But wait … Secret Service by Tal Bauer is a romance book. How does that work?
…Just tell me a story!
Lately I find myself writing into reviews that a romance story just has too much sex. No, I am not reading erotica, just typical contemporary romance. It isn’t that I am a prude. I am fully aware that sex is gonna happen in the books I read. But does S E X have to happen on every third page? When did bumping uglies come to mean romance? What happened to, you know, actual romance? More than that, sometimes an author is more of a storyteller than a writer and I just want the story. To get only a hint of a great story, can be frustrating.
An honor bound conspiracy hiding a secret that must be protected at all costs, the unknown sinister guy in charge has his own agenda. The men who are protecting the secret and the women they love are acceptable losses. Wait, how does the mystery play out? I don’t know because every other page the current HMC is sticking a body part into the hMC and the real story, the part the blurb on the back cover is based on, never actually progresses.
A Soldier is searching for his missing brother in a war zone. The men in his brother’s former unit seem to know more than they are telling and indigenous gossip tells an even different story. The poor MC is so broken up with grief he can barely function, but that is okay because the super sweet love interest (seriously, he really was romantic and I loved him) is there with copious amounts of the naked. However, all the pieces of the puzzle take up only a few pages despite being the whole reason for the young man to upend his life, join active military and travel to a dangerous country that is as foreign to him as one can get. That’s okay because there is just so much sex.
There are many other examples of “books” that had so much potential story lost to raging hormones. I will state for the record that the sex depicted both of the aforementioned novels (both of which I rated four stars) was Hawt AF. Still, the potential story peeked out from under the bed occasionally and that is what I wanted more of.
Secret Service is such a class example of how to do it right. Two men, not looking for love, or even sex, find themselves madly entranced with one another. One is a powerful man with powerful enemies and the other has the charge of keeping him safe. Their sweet build up, off-the-charts attraction is a distraction neither man can afford as the world is heading into chaos. In a single moment the powerful man is missing, and his guardian must move heaven and earth to find him before he is murdered or worse, all the while being suspected of orchestrating it. WTH! Why did no one see this coming? Sexy protector knows there is danger close to them, but he isn’t the only who has been deceived and he can’t make himself believe it is coming from a direction that (he would stake his life on) holds safety.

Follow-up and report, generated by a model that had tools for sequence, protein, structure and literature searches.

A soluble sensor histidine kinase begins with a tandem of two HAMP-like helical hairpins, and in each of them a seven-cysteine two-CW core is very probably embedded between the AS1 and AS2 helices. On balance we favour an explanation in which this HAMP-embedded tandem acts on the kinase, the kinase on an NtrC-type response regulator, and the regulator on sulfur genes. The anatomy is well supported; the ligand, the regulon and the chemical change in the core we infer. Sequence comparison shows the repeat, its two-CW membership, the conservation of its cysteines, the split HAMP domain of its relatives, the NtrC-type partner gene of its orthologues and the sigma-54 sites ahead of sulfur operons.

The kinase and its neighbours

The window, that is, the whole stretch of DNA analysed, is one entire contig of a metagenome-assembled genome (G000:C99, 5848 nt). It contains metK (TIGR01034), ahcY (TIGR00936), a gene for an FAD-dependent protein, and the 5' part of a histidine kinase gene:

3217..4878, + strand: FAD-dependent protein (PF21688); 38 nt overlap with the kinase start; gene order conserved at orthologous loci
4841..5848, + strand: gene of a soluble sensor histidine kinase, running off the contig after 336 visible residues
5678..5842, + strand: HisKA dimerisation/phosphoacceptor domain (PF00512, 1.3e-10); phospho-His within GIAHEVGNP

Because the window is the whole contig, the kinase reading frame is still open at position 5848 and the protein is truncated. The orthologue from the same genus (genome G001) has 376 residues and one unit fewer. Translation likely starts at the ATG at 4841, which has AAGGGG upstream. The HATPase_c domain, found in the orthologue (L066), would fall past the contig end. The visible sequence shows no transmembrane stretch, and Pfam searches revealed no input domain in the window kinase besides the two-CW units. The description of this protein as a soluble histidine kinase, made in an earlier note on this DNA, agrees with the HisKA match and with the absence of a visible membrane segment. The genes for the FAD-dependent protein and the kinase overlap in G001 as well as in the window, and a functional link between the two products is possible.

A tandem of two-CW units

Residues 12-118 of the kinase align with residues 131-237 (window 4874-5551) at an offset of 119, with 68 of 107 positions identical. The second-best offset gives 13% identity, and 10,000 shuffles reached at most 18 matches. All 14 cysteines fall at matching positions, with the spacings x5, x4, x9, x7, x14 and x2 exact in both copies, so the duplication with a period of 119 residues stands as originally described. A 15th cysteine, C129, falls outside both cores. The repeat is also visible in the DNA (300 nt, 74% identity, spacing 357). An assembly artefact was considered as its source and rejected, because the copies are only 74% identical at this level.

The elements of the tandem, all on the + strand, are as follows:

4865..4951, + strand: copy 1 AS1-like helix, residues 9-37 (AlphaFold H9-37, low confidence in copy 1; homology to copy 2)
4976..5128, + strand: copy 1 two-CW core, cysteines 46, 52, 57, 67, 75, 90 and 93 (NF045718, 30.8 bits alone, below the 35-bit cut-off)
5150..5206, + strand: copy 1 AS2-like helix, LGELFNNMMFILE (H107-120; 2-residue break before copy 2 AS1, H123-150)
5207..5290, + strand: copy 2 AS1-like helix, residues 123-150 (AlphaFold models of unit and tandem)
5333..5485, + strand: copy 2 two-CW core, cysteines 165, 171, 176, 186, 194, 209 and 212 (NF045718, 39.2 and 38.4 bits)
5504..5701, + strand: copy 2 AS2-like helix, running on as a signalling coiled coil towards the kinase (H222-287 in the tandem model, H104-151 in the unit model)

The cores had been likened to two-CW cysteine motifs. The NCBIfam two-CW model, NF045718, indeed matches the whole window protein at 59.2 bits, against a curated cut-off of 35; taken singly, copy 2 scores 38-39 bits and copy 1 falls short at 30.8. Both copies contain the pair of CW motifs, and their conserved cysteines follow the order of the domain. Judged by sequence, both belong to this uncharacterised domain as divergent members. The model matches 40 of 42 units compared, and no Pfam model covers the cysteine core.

Admit it. Now you totally want to read this book. You should, it is a darned good book. More than that it is a great story. Sure, it happens to have sex, great sex even. With hearts leading the way and biology being what it is, that is going to happen. Not once though is it the focus of the story. It serves its purpose. To spice things up. To demonstrate the deep romantic feelings, they have for each other. To show why this love of theirs might really be a really bad idea or the best idea ever.
At its core this book is a Clancyesque thriller that never loses traction. It is populated with swoon worthy leading men and compelling secondary characters. War, bureaucracy, international intrigue and the burn of love and loyalty, in its many forms, keep the pages turning until there are none more, but seriously why aren’t there more? It’s like the grown-up version of a bedtime story. It can’t be over; I am still awake and the world still needs some saving.
And because my TBR is already completely out of control, what is the harm in adding a must-read author and a dozen more books to it. Though I should point out that must-read authors are the reason why my TBR is out of control.
reviewed via Kindle Unlimited